Importance of Dietary Fiber

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In this article, we discuss the importance of dietary fiber to the human body.

What is Fibre?

Dietary fiber, also known as roughage or bulk, includes all parts of plants that your body cannot digest or absorb and is found mainly in fruits, vegetables, whole grains, and legumes.

Dietary fiber comes from the portion of plants that is not digested in the intestinal tract. Part of it, however, may be broken down by bacteria in the lower gut. Different types of plants vary in their amount and kind of fiber. Fiber includes pectin, gum, mucilage, cellulose, hemicellulose and lignin.

It is type of a carbohydrate that helps keep our digestive systems healthy.

There are three different types of fibre which all have different functions and health benefits.

1. Soluble Fibre

This type helps to slow the emptying process in our stomachs, which helps you feel fuller. It also helps to lower cholesterol and stabilise your blood glucose levels. Soluble fibre is found in fruits, vegetables, oats, barley and legumes.

2. Insoluble Fibre

This type absorbs water to help to soften the contents of our bowels and support regular bowel movements.

It also helps to keep us full and keep the bowel environment healthy.

Insoluble fibre is found in wholegrain breads and cereals, nuts, seeds, wheat bran and the skin of fruit and vegetables.

3. Resistant starch

This type is not digested in the small intestine and instead proceeds to the large intestine where it can assist in the production of good bacteria and improves bowel health.

Resisitant starch is found in undercooked pasta, under ripe bananas, cooked and cooled potato and rice.

The Importance of Dietary Fiber

The different types of fiber play different roles in the body system.

Soluble fiber dissolves in water and forms a gel-like substance as it passes through your digestive system. This substance helps slow digestion and prevents your body from absorbing too much starch and sugar. Some good sources of soluble fiber are: oats, beans, peas, apples, citrus fruits, carrots, barley, and psyllium.

Insoluble fiber promotes the movement of material through your digestive system and is a great benefit for those who suffer from constipation or irregular stool. Some great sources of insoluble fiber are: whole wheat flour, wheat bran, beans, and vegetables such as cauliflower, green beans, and potatoes.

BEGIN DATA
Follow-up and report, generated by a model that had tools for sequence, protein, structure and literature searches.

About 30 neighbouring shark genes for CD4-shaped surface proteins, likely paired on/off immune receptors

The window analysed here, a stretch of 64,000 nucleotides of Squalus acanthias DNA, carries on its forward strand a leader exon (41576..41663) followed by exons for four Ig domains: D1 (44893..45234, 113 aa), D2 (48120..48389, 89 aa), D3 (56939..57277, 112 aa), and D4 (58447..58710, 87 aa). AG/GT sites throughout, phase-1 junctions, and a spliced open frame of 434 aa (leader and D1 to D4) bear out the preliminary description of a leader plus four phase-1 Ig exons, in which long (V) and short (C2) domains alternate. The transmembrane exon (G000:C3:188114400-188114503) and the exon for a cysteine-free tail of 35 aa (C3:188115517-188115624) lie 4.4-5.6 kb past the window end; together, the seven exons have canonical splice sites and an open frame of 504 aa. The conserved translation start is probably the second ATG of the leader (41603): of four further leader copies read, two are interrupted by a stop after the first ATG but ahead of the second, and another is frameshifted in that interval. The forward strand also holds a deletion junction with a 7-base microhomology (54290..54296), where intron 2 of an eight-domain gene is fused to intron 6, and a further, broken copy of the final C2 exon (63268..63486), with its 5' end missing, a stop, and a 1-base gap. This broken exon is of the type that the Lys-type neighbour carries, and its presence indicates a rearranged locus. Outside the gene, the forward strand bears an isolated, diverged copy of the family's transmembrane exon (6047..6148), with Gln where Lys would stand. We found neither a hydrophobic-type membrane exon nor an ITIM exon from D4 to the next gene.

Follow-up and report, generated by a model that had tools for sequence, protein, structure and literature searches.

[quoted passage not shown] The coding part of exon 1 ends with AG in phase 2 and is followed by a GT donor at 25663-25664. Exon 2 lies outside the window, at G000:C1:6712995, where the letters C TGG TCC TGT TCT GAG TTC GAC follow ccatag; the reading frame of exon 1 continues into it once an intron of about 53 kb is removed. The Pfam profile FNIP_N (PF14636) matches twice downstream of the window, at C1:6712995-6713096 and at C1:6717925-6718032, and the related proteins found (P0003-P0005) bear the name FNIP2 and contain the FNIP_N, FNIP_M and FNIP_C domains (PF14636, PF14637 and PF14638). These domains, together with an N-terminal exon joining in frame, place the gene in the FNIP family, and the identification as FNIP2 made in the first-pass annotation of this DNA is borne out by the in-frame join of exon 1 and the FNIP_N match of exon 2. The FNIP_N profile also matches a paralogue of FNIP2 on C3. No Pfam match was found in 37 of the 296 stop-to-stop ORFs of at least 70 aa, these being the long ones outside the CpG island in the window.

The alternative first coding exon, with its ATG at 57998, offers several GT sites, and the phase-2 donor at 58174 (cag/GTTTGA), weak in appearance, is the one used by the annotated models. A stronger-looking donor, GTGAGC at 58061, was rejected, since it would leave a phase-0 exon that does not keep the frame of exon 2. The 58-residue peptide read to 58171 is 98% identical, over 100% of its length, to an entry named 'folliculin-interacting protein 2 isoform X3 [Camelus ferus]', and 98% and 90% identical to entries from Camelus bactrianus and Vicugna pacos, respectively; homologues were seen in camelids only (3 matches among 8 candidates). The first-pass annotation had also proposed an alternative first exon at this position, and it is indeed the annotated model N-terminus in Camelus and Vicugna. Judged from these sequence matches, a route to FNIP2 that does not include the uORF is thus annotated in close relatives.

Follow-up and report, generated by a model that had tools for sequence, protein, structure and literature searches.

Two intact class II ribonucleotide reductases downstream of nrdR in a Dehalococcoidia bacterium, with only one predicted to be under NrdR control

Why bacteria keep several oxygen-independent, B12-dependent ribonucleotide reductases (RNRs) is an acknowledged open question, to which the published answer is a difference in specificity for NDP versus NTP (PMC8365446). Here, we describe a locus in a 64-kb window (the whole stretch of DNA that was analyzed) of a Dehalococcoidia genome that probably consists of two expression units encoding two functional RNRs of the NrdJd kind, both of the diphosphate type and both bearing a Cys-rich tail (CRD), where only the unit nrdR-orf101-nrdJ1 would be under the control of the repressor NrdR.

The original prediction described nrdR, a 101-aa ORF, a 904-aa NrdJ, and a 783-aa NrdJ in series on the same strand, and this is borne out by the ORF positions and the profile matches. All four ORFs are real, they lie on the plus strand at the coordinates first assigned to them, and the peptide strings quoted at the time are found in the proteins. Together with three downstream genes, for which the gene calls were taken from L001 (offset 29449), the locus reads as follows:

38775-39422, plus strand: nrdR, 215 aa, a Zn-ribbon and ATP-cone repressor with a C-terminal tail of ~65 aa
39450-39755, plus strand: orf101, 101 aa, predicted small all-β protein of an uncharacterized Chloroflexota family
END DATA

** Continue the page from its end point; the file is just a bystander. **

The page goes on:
The benefits of consuming the recommended amount of fiber are:

1. Normal bowel movements: Dietary fiber prevents and relief of constipation. Dietary fibre increases the bulk of stool and stimulates motion of the large intestine. It absorbs water, lubricates the large intestine and makes defecation easier.

2. Bowel Health: Dietary fiber helps in maintaining gut health. Dietary fibre stimulates the activity of “good” bacteria in the intestine which might in turn maintains gut health.

3. Cholesterol, risk of Heart Disease: Dietary fiber helps in lowering of blood cholesterol level, hence prevention of heart disease Soluble fibre combines with bile and then excretes it. This in turn lowers blood cholesterol.

4. Blood sugar levels, and the risk of Type 2 Diabetes: Dietary fiber helps in stabilizing blood sugar level and controlling of diabetes. Soluble fibre can slow down the absorption of blood sugar

5. Colorectal Cancer: Dietary fiber provides protection against cancer of the large intestine. Dietary fibre prevents the accumulation of cancer-causing (or carcinogenic) materials because it shortens the retention period of waste materials.

Foods rich in Dietary Fibre

Examples include:

Cereals – wholemeal bread, red rice, oatmeal

Vegetables – kale, watercress, spinach

Root vegetables – potato, sweet potato

Beans – mung bean, kidney bean, black-eye bean, red bean

Fungi – straw mushroom, button mushroom, white fungus, black fungus,

Fruits – orange, grapefruit, prune

Others – sesame, chestnut, cashew nut, peanut.

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